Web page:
Page:Poems of Anne Countess of Winchilsea 1903.djvu/114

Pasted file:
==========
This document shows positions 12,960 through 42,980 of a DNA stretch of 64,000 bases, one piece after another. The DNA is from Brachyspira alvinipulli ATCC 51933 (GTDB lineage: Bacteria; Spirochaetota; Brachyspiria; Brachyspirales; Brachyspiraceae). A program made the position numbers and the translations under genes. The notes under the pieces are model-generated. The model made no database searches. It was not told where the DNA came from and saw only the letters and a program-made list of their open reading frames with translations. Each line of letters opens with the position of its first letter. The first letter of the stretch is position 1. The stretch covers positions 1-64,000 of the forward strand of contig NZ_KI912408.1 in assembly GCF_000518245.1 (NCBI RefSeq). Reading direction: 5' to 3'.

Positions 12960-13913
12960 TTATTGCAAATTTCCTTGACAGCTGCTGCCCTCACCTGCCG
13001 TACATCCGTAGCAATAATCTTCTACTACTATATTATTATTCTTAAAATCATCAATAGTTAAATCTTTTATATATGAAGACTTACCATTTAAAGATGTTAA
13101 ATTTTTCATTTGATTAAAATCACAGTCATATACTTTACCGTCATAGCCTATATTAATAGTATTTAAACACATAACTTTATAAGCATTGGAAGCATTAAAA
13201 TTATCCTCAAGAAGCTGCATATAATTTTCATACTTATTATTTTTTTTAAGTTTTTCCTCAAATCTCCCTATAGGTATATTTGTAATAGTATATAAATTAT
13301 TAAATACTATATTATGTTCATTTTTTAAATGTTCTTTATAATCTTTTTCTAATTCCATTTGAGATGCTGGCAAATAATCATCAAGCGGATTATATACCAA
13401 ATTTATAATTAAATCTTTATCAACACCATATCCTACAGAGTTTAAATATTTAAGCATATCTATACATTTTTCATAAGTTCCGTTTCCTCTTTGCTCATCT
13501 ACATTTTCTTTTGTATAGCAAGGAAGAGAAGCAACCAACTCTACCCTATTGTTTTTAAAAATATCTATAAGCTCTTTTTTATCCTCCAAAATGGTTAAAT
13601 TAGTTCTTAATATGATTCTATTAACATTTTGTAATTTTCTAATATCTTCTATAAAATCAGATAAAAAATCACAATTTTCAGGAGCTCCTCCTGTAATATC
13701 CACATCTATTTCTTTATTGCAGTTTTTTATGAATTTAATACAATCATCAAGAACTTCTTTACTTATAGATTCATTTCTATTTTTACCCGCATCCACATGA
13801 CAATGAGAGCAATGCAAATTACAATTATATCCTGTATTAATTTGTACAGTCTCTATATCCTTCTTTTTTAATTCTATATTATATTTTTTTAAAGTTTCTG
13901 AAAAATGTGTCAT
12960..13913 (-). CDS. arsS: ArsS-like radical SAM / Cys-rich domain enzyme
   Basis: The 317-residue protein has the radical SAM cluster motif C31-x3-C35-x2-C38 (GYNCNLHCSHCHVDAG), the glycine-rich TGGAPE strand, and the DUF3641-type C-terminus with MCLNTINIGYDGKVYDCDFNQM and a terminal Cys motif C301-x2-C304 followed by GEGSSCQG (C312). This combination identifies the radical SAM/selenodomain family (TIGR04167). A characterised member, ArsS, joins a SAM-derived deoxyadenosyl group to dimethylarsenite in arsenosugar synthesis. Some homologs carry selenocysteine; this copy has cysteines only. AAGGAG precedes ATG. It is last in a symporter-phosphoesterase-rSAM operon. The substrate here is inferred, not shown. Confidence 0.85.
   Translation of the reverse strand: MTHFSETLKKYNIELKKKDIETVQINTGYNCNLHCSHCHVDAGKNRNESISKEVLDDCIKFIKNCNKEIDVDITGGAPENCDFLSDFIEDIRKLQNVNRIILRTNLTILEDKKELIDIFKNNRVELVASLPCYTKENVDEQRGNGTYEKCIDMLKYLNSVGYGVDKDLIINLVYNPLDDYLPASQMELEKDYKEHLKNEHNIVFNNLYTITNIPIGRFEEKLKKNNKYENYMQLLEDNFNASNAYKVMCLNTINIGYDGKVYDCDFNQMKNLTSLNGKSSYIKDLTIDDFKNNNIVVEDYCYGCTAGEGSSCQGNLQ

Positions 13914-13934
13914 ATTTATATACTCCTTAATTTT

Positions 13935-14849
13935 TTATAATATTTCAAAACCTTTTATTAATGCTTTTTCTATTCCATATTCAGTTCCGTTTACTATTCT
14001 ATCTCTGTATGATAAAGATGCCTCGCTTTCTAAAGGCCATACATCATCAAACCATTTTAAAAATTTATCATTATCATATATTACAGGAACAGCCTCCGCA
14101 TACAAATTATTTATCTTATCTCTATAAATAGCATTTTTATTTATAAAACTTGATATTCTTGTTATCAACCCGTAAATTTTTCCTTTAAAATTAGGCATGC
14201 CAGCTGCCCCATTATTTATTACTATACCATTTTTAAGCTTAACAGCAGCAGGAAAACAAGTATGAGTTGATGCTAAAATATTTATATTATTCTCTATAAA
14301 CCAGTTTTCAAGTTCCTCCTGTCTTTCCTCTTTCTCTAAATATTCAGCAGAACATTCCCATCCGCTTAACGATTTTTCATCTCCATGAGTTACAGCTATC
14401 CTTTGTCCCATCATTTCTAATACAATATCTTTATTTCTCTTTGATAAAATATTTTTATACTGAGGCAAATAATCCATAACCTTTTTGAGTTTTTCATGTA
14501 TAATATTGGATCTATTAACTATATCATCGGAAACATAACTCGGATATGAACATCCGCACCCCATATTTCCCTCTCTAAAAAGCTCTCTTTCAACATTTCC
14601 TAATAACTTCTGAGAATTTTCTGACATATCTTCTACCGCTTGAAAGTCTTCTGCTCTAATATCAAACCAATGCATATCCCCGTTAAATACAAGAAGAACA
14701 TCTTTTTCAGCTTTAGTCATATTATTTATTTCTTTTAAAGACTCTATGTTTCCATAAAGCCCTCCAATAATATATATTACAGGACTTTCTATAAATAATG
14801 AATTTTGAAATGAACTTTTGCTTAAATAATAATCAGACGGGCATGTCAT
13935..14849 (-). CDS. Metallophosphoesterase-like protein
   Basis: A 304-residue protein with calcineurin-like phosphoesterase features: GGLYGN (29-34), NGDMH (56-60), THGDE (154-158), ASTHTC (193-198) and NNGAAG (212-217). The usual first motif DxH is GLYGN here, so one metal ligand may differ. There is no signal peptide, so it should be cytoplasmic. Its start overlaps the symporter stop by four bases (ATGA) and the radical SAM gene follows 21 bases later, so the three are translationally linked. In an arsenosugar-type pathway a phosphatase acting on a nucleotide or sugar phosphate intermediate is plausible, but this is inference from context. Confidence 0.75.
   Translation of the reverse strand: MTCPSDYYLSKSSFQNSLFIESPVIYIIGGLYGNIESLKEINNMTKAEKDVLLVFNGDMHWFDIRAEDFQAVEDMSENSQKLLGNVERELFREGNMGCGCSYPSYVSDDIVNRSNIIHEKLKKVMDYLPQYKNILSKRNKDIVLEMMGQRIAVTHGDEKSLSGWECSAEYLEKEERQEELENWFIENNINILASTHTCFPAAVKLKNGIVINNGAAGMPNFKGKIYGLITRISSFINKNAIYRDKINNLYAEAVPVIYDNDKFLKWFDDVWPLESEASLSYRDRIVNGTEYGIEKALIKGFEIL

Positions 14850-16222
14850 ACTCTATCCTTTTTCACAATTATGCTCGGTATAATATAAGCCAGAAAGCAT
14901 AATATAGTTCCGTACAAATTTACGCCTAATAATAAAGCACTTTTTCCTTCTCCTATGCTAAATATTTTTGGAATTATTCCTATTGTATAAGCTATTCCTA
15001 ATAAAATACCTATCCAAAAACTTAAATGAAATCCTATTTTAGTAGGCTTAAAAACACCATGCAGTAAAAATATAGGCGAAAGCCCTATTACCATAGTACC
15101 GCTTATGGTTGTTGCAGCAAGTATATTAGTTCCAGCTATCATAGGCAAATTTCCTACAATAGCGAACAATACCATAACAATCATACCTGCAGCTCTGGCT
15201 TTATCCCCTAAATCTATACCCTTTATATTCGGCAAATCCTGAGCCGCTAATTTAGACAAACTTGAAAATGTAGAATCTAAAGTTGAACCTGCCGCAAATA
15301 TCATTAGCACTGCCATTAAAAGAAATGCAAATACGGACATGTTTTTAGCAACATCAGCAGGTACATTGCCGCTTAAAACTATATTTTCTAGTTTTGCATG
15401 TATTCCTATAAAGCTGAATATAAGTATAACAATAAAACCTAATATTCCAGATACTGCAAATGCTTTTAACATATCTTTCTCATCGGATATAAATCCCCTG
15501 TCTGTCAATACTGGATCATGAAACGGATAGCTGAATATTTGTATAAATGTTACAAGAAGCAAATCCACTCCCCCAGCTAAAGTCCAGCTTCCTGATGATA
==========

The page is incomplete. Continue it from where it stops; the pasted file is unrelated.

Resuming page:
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ex INTRODUCTION ���ing English local color; fables are broken in two; morals are added or altered; titles are changed. But, though influ- enced now and again by L' Estrange' s racy idiom, "the easy words," "the plain honest English" on which he prided himself, she holds throughout to La Fontaine's ideal of smooth, graceful, amplified narration. �Lady Winchilsea's most famous fable is The Atheist and the Acorn. This poem is a brief and picturesque version of La Fontaine's La gland et la citrouille. It is not an JEsopic fable but was based on a tale found in various forms in several sources open to La Fontaine. It excited much attention when it first appeared in French in 1671. Lady Winchilsea's change of the naive countryman into the sophisticated atheist involves much loss in the way of humor- ous contrast. But the French Garo and the English Atheist alike speak with scorn of the providential ordering that could assign acorns to lordly oaks and pumpkins to slender vines. And each, reclining under the tree in fatu- ous self-complacency, on being hit in the eye by an acorn, is led to justify the ways of God to man by the reflection that had the acorn been a pumpkin, not his eye only, but his precious brain itself would have suffered damage. Neither La Fontaine nor Lady Winchilsea nor any of their readers seemed to feel what Voltaire pitilessly pointed out, the "egoisme comique" of this argumentum ad hominem. On the contrary, Garo and the Atheist held their own for a cen- tury as apt illustrations of the creed formulated by Pope, "Whatever is, is best." �In spite of the fact that fables constitute one-third of her published work, Lady Winchilsea speaks lightly of them in general, calling them "childish Tales" by which "lazy Triflers" seek to purchase fame. And Wordsworth regretted that she should have spent so much time on an inferior species of poetry. Yet in a general survey of her work the ��� �